Killing me softly.
So you've waited three years to don your grade-school ninja costume and sit
in front of your tube for some one-hit stealth killage, yet the $50 drop in
the bucket has you here with us reading fervently in an attempt to glean your
best course of action. Lucky for you that's our job.
Activision's Tenchu: Wrath of Heaven will sit well with most fans of
the original. It's nearly twice as
long as the PSX masterpiece (26 total levels), it looks great and the gameplay
is straightforward. This iteration also includes a crude yet entertaining multiplayer
mode to carve up and heap on some extended playtime and replayability.
the wrath of a game reviewer can be vicious, and Tenchu's disjointed
mission structure, temperamental camera and disappointing enemy AI will leave
new gamers looking for something a bit more polished and sophisticated.
The story doesn't lend itself much praise; it's confusing at best. Like in
past Tenchu games, you reprise your role as either the strong Rikimaru
or the swift Ayame. Each has a specific 10-mission campaign. Unfortunately,
there is little variation between each characters' Story mode.
The time is feudal Japan, and Rikimaru and Ayame are hot on the trail of a
new set of baddies. I'd tell more if I knew myself. There's a lot to be said
for professional storywriters.
Much of the confusion has to do with the disjointed mission structure. You
just hop from mission to mission one after the other with very little in between
to tie it all together. This is the one area of Tenchu I thought would
be a shoo-in for an overhaul, yet it seems like the bland, sequential mission
layout has again won the day.
But this isn't a deal breaker, because Riki and sweet little Ayame have quite
the repertoire of combos and stealth kills. Much of the game is spent running
around dark, expansive maps in search of the one guy who needs to become a kabob
on your blade. Crouching and placing your back against the wall are old-hat
favorites, though unfortunately don't hold a candle to Sam
Fisher's impressive array of sly and sneaky moves. So instead, Tenchu
gives the player a wide variety of weapons and gadgets like crude grenades,
poison rice balls, spikes and a myriad of magical items.
Tenchu's emphasis is on stealth, which is where the game shines. Catch
any NPC unaware, and if you're close enough you can perform a pre-scripted "stealth
kill." Both Rikimaru and Ayame have several different stealth kills at their
disposal, and most are pretty damn cool. To aid you in this is your 'sixth sense'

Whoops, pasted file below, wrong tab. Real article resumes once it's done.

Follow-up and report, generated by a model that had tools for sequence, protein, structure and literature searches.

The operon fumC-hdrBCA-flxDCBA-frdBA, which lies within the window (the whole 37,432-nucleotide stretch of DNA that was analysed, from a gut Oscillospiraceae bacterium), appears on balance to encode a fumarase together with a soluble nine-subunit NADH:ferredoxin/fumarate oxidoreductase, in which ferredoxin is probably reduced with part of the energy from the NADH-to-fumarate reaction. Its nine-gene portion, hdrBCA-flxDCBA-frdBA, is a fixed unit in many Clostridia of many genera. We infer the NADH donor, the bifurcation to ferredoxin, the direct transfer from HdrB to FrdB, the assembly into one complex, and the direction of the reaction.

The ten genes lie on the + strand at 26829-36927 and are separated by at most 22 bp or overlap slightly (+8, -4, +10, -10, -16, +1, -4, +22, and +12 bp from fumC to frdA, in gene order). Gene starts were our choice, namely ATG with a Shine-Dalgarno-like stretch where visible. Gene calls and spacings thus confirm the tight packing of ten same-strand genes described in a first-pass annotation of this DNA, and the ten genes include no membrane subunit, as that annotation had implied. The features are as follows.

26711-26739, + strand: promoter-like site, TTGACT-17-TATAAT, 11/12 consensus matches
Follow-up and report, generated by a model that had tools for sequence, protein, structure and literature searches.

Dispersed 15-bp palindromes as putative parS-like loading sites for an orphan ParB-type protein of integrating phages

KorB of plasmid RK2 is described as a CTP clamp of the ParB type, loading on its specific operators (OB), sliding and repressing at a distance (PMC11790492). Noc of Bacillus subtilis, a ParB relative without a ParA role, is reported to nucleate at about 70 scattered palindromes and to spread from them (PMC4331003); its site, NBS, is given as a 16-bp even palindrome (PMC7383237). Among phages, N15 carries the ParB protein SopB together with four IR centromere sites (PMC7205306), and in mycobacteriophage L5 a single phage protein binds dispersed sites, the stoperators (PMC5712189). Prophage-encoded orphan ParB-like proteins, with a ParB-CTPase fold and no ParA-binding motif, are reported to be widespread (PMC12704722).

stealth meter, which changes color depending on your proximity to NPCs and their
level of awareness to you. Tread in heavy-footed and all enemies in your immediate
area will converge on your location like'well, samurai on a ninja. However,
you always have your trusty grappling hook, which can pull you out of a nasty
situation in mere seconds. Just point to an edge and let it fly. Tackling more
than one guy under the cover of stealth is a long, arduous task.
addition to its gameplay impact, the grappling hook can get you high above the
enemy rabble where you can take in a better lay of the land. While the colors
are muted and drab, it fits the atmosphere perfectly for playing it sly and
sneaky. The textures hold up very well no matter how close you get to them.
Each map is cut up very realistically, featuring houses of various shapes and
sizes, small ponds with bridges and house workers and staff going about their
daily duties (which is merely to walk a prescribed path back and forth). Rikimaru
and Ayame are well modeled and detailed, and many old faces make a welcome return
with new costumes designs for the PS2. It's a nice graphical engine and serves
the gameplay well.
I just wish the control was as pleasing. It's not terribly difficult, but
the camera has a mind of its own, and, yet again, our main characters are not
very quick on the 180-degree spin. You do get a few cool back flips and turnaround
cartwheels, but how about the ability to just turn around quicker than a Mack
As I mentioned before, taking on a small horde of samurai is an exercise in
tedium. But don't sweat it - just toss that trusty grappling hook and get the
hell out of Dodge, wait for a few long seconds and then the dummy NPCs will
return to their posts and patrols. Now you can try the stealth thing all over
again. I'm the hassasin...so
why is it these guys have such terrible short term memories? Well, at least
they bob around and dodge projectiles appropriately when in the heat of battle.
New to the Tenchu franchise is a welcomed multiplayer mode that pumps
some extended life into the game. Via split screen, you can play head-to-head
against a friend, which is pretty nifty. Just watch out for NPCs who may join
the fray to make things a little more interesting. Alternately, you can play
specific, shorter multiplayer missions co-op. Trying to coordinate your stealth
and location with a buddy is good fun. The downfall to the multiplayer is that
maps and missions are even more disjointed and act as simple one-shot deals
as opposed to a full-blown cooperative campaign.
Nonetheless, this addition is met with open arms and shows that someone back
at the lab is actually capable of making a move forward instead of a lateral
next-gen step, which is really what Tenchu: Wrath of Heaven brings to
the table. It's serves up some good ninja fun, yet it doesn't meet the challenge
brought forth by the Metal Gears and the